One Hundred and Twelve

April 21, 2012 § Leave a comment

Day 112

It was over a decade ago. The setting was a dark back room of an art gallery. Up against the dingy walls were bikes, art supplies, and camping equipment. The room was packed with young people – some hippies, some punks, a lot of artists. Everyone was there to see a small, punk-rock band that would have been unknown except for the few of us who showed up with cigarettes hanging out of our mouths and liquor in our backpacks. Or at least that is how I remember it. But I have a terrible memory. Now that I think of it, it might have been a Halloween party (let’s just put it this way – there were either a lot of punks there for a concert or a lot of people dressed up like punks for Halloween). Everything else I remember. Kind of.

I was at this rock show/Halloween party (now that I think about it, it could have been a combination of the two) with my tattooed, good-humored, attractive boyfriend (who I’ve purposely chosen to remember in just that way). If it was Halloween, we were dressed up as the little plastic players in a foosball table; if it was a concert (or maybe it was New Year’s Eve?) we looked like dirty punks. Either way, we looked pretty cool… I think.

Despite not remembering much of anything from that night, there is one point that comes to mind often. Just this afternoon, when someone asked me where I ate dinner yesterday, I was taken back to that one point in that one night remembering clearly that one thing that was said.

Last night I took a scenic drive along the shore of Lake Superior. My mother and I drove with the white, crashing waves by our side. The ride took us to an old brownstone where we had dinner, nearly an hour from my parents’ house. The restaurant was a welcome change to our Friday night fish fry. As we ate our locally caught whitefish, I watched as other locals seemed to enjoy their meal away from the typical, crowded Friday night scene of downtown. This could be my secret dinner place, I thought as we climbed back into the truck to continue our evening drive.

I like to have secret places – secret bars, secret restaurants, secret spots in the woods. So when I was asked where I ate dinner last night, I hesitated. And that is when I remembered that one moment of that one night saved fragmented and worn in the back of my mind. It was at that show/Holiday party when I was dressed in costume/grunge apparel with my funny/temperamental boyfriend that I was given a great piece of advice.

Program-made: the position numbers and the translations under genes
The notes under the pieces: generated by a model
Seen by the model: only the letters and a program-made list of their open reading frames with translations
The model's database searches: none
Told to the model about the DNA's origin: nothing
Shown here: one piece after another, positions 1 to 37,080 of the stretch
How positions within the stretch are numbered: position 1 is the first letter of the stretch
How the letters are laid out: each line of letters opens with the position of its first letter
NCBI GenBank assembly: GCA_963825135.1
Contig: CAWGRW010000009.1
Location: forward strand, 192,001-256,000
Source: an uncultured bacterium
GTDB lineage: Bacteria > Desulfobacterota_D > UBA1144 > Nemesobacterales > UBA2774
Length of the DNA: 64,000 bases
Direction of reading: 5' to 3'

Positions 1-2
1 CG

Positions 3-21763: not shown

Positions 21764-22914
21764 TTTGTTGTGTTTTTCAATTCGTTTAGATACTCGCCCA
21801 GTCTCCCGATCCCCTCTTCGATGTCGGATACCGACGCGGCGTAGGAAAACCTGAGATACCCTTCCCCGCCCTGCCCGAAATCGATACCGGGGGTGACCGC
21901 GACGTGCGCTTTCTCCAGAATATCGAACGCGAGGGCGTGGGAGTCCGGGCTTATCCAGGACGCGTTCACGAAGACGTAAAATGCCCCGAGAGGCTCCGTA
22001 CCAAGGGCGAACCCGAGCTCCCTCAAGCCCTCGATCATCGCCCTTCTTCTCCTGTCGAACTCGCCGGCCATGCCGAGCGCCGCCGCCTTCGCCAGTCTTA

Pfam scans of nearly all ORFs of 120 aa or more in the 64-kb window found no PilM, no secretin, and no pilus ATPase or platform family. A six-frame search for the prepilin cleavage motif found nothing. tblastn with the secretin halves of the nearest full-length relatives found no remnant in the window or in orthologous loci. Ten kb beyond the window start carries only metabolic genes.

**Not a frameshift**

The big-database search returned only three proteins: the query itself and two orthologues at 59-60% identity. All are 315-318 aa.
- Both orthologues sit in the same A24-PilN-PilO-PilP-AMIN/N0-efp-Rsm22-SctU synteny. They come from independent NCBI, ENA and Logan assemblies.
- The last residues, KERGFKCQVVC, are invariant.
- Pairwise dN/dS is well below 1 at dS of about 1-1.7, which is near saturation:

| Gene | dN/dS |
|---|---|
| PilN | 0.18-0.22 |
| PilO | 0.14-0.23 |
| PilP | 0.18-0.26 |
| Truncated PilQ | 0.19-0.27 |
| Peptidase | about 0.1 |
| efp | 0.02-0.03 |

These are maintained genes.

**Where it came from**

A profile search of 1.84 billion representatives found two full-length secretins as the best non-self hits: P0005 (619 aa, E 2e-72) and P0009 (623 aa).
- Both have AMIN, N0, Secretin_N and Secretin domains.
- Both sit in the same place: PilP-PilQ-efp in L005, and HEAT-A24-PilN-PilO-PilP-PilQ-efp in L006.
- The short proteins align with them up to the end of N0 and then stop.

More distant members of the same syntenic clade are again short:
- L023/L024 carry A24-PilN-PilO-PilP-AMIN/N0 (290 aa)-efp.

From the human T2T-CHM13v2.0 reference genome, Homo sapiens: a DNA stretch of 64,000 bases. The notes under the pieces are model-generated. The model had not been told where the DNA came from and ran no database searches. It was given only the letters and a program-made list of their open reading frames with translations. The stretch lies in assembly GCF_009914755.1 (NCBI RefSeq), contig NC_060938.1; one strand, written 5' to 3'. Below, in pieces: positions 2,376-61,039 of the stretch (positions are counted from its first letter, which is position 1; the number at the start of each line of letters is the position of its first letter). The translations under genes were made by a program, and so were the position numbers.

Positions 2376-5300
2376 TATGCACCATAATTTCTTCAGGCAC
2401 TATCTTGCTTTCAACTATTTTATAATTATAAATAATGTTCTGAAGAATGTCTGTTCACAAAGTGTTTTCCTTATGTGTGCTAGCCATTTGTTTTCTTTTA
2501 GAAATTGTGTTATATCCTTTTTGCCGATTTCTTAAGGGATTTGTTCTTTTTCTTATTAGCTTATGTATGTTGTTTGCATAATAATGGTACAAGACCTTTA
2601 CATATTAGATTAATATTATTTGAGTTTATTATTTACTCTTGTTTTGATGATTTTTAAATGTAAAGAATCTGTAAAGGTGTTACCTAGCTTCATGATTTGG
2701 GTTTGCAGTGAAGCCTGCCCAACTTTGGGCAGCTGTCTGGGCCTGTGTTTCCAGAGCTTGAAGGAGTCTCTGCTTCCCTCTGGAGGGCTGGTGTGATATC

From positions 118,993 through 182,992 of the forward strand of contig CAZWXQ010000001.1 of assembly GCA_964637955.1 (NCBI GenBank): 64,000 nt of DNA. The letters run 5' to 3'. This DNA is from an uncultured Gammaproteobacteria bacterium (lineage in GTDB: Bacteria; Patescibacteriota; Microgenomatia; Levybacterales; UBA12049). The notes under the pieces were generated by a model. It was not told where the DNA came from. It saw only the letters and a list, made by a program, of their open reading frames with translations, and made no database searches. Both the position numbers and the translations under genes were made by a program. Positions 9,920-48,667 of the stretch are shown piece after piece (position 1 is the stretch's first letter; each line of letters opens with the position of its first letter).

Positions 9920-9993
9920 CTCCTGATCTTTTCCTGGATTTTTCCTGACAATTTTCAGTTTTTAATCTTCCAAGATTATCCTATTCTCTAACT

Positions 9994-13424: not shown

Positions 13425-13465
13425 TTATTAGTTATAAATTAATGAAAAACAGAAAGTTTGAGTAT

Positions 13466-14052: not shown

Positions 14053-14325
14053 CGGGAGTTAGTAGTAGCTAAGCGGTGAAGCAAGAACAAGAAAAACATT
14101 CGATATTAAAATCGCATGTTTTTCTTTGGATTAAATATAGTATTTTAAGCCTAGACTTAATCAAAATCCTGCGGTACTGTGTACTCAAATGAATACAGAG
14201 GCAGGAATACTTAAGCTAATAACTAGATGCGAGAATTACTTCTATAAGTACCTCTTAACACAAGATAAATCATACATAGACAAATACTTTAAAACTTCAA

She was shorter, with platinum blonde curls and ruby red lipstick. She was dressed all in black, and if I remember right, she had fishnet tights on and black, lace-up boots (although now that I think about it, that might have been my outfit). This part I know for sure though – she had a really girly perfume on that calmly subdued the smoky filled air around us. I caught a whiff as she walked past, so I complimented her on it and asked what the name of the perfume was. “A lady never shares her secrets,” she said slyly with a smile. And that’s where the memory ends. Maybe we rocked out to some music or walked down the street to watch the ball drop, but I never saw her again.

A lady never shares her secrets. That one phrase has kept me from spilling the beans many a time over the past several years. In this day in age where people are continually updating their Facebook statuses, tweeting about uneventful events, sharing pictures of everything from their dinner to their dentist appointments, and blogging their opinions, it is rare to meet someone – a lady – who has secrets. Regardless of all that I am willing to share over the internet or over dinner, I still like to have my secrets. What fun is it to give everything away? Shouldn’t we all have secret restaurants or secret beauty products or secret hobbies or information that no one else knows? Good communication can never be taken for granted, but like that pretty punk rocker/Halloween party go-er/artist told me that indiscernible night some 9 or so years ago – a lady never shares her secrets… even if she can remember them.


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